Saga's June flash inflation indicesWednesday 18 June 2014
Consumer Price Index (CPI) annual inflation was 1.5% in May, down from 1.8% in April however given that expenditure patterns vary across households, experienced inflation rates will differ across age-bands. Saga's produces a monthly indicies that highlights the variances experienced by different consumer groups aged 50 and over.
Saga's June flash inflation indices
Saga Flash Inflation indices – May 2014 bulletin
- Consumer Price Index (CPI) annual inflation was 1.5% in May, down from 1.8% in April.
- Retail Price Index (RPI) annual inflation stood at 2.4% in May, down from 2.5% in April.
- The largest contribution to the decrease in the rate came from transport (principally air fares), an overall rise in the price of motor fuels was the largest offsetting factor.
- Given that expenditure patterns vary across households, experienced inflation rates will differ across age-bands. We calculate that annual consumer price index (CPI) inflation was as follows for the over 50s age bands in May 2014 (April 2014 figures in brackets):
- 50-64: 1.4% (1.6%)
- 65-74: 1.2% (1.4%)
- 75 and over: 1.6% (1.7%)
- We calculate that annual retail price index (RPI) inflation was as follows for the over 50s age bands in May 2014 (April 2014 figures in brackets):
- 50-64: 1.8% (2.0%)
- 65-74: 1.8% (2.1%)
- 75 and over: 1.8% (2.2%)
- Figures 1 and 2 illustrate the annual rates of inflation for the over-50s. Annual CPI-based inflation is lower for 50-64, 65-74 and age 75 and over brackets than for the UK population as a whole. This marks the slowest price growth for the 50-64 and the 65-74 age brackets since September 2009. Food price growth has slowed considerably to a year-on-year decrease of 0.6% in May 2014 compared with growth of 0.5% in April 2014. There are still price pressures on the over 50s due to electricity and gas prices rising strongly, by 6.0% and 5.1% year-on-year in May 2014, respectively.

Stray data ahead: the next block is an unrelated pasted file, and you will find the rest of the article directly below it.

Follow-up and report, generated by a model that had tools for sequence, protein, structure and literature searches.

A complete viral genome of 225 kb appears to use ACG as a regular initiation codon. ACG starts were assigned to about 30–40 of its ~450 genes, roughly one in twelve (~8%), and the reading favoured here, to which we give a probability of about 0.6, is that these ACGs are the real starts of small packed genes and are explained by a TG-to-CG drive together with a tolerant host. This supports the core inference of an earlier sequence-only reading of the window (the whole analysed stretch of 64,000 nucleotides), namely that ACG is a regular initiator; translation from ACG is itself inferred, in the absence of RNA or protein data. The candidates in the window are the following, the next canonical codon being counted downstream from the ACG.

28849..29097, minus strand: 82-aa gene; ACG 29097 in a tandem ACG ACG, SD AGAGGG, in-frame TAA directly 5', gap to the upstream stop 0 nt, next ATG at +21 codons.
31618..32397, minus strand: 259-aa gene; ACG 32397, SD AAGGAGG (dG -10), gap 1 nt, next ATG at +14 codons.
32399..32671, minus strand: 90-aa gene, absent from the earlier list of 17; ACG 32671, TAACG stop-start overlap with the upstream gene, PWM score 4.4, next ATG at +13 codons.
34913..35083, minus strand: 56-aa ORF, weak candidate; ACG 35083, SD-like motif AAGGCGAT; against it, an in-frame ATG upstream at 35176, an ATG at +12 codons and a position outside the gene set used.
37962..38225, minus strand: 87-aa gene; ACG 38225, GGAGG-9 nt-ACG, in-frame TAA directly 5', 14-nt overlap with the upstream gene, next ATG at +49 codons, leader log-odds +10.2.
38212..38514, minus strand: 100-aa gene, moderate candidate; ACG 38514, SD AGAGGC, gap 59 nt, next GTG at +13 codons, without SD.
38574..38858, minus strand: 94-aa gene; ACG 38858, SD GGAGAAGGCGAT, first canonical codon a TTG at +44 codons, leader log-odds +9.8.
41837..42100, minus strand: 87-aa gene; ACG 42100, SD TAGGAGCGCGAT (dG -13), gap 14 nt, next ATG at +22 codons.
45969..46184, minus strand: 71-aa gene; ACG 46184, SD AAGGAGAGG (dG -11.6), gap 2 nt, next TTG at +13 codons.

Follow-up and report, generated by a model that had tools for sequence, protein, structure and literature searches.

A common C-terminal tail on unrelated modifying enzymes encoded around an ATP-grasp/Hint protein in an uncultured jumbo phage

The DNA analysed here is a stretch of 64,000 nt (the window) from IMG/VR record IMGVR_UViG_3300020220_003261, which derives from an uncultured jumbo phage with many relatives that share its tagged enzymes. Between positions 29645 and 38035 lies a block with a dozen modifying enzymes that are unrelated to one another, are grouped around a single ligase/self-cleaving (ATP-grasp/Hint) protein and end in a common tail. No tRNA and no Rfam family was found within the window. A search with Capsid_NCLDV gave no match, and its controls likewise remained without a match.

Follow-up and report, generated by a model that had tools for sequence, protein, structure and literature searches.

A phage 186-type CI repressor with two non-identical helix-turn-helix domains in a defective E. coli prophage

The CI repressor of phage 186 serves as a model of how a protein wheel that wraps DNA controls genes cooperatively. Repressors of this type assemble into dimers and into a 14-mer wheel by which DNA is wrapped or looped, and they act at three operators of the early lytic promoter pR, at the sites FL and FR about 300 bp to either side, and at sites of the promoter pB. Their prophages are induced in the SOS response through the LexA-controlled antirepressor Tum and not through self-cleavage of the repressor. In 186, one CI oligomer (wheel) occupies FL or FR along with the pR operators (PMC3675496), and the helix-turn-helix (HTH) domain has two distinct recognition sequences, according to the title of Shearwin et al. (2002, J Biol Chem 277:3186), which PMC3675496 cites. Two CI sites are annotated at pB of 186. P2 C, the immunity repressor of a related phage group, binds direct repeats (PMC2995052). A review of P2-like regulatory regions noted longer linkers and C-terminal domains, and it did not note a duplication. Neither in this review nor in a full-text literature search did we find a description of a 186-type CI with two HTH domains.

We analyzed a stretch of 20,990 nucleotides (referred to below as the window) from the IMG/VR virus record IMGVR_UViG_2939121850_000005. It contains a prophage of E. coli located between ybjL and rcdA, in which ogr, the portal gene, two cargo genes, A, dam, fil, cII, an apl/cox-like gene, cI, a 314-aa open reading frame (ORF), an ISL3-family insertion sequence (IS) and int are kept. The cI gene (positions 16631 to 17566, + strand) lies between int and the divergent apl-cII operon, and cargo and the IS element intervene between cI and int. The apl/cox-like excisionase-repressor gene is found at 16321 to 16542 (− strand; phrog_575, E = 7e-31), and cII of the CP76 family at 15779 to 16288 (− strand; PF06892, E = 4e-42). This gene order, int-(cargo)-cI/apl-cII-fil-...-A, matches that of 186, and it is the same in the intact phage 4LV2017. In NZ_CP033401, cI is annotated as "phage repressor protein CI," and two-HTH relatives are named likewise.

- Between September 2007 - when the financial crisis started to really get underway - and May 2014, the cost of living has risen substantially more for the over-50s than for the overall population on the broad-based RPI measure of prices. While younger age groups benefitted greatly from falling mortgage interest payments as the Bank of England cut interest rates during the recession, older age groups – who had largely or entirely paid off their mortgages – in general failed to benefit from this. Compared with September 2007, living costs have risen for different age bands as follows:
- 50-64: 24.6%
- 65-74: 27.4%
- 75 and over: 28.0%
- Whole population (RPI): 23.0%
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